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Gone in a Quibi: A case for anthropology in business?

Gone in a Quibi: A case for anthropology in business?

Quibi’s demise—just six months after the premium short-form smartphone-focused streaming service went live—made headlines last week. Company founder (and former head of Walt Disney Studios) Jeffrey Katzenberg claimed the COVID-19 pandemic held sole responsibility for Quibi’s $1.8 billion failure. As is usually the case, the reality is much more complicated. The Quibi fiasco makes a good case, I think, for ethnographic research in business. When Quibi launched in early April, my senior year of college had just moved online. Like {+}

I’ve Never Met Anyone Like Me, But Anthropologists (Not Me) Study People Like Me, Or: What if we trans/non-binary people weren’t just your objects of study?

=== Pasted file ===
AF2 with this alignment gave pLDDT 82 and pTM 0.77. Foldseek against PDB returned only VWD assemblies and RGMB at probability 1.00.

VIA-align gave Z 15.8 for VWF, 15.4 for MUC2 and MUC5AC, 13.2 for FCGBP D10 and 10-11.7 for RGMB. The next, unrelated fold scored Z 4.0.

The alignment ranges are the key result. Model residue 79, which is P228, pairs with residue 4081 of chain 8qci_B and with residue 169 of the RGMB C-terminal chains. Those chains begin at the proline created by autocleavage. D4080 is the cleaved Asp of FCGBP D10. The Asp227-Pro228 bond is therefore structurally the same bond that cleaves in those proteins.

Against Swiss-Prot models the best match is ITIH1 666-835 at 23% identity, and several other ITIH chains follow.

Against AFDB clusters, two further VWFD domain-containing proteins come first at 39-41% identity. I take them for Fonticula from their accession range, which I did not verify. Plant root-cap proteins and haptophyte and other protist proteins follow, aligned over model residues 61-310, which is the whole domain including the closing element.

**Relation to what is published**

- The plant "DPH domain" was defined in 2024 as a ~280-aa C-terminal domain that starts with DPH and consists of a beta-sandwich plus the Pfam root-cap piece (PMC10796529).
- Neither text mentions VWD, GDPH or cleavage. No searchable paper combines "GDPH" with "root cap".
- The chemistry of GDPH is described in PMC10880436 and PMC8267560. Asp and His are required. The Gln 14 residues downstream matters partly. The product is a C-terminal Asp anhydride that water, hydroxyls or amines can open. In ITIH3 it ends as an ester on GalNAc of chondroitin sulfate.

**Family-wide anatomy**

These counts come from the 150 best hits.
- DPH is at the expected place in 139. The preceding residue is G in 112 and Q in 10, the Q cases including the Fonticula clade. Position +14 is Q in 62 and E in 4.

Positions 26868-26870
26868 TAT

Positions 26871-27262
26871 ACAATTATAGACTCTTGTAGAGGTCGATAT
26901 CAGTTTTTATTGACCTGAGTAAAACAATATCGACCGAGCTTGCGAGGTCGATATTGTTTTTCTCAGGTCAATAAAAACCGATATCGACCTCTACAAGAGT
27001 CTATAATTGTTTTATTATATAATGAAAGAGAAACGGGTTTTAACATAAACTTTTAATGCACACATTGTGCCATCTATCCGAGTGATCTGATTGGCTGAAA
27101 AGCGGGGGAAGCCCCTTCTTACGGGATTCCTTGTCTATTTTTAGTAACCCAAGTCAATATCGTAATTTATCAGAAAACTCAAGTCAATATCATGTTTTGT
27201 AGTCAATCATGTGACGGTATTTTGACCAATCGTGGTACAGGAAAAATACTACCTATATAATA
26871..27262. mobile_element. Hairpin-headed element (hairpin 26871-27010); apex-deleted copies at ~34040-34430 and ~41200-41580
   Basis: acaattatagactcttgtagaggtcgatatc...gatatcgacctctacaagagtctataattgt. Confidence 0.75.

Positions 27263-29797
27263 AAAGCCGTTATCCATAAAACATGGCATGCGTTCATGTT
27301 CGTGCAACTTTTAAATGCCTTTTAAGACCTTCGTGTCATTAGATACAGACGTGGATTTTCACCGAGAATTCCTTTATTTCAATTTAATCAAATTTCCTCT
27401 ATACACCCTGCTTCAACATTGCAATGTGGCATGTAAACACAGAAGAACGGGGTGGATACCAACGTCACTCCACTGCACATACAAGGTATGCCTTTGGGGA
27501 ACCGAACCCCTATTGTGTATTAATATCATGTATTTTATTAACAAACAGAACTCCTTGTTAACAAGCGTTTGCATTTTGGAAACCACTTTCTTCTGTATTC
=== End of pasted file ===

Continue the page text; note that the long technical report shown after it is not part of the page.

I’ve Never Met Anyone Like Me, But Anthropologists (Not Me) Study People Like Me, Or: What if we trans/non-binary people weren’t just your objects of study?

cw: transphobia, mention of suicide and murder I started writing this piece in June. It was during Pride month, amidst JK Rowling’s ongoing public transphobia, and the same time as I was getting occasional news alerts about Trumpian cuts to protections around trans healthcare. It was also amidst some discussion here in Canada about Prof. Kathleen Lowery, a professor whose workload was shifted after complaints about her transphobia. Prof. Sarah Shulist covered a fair amount of the news around Prof. {+}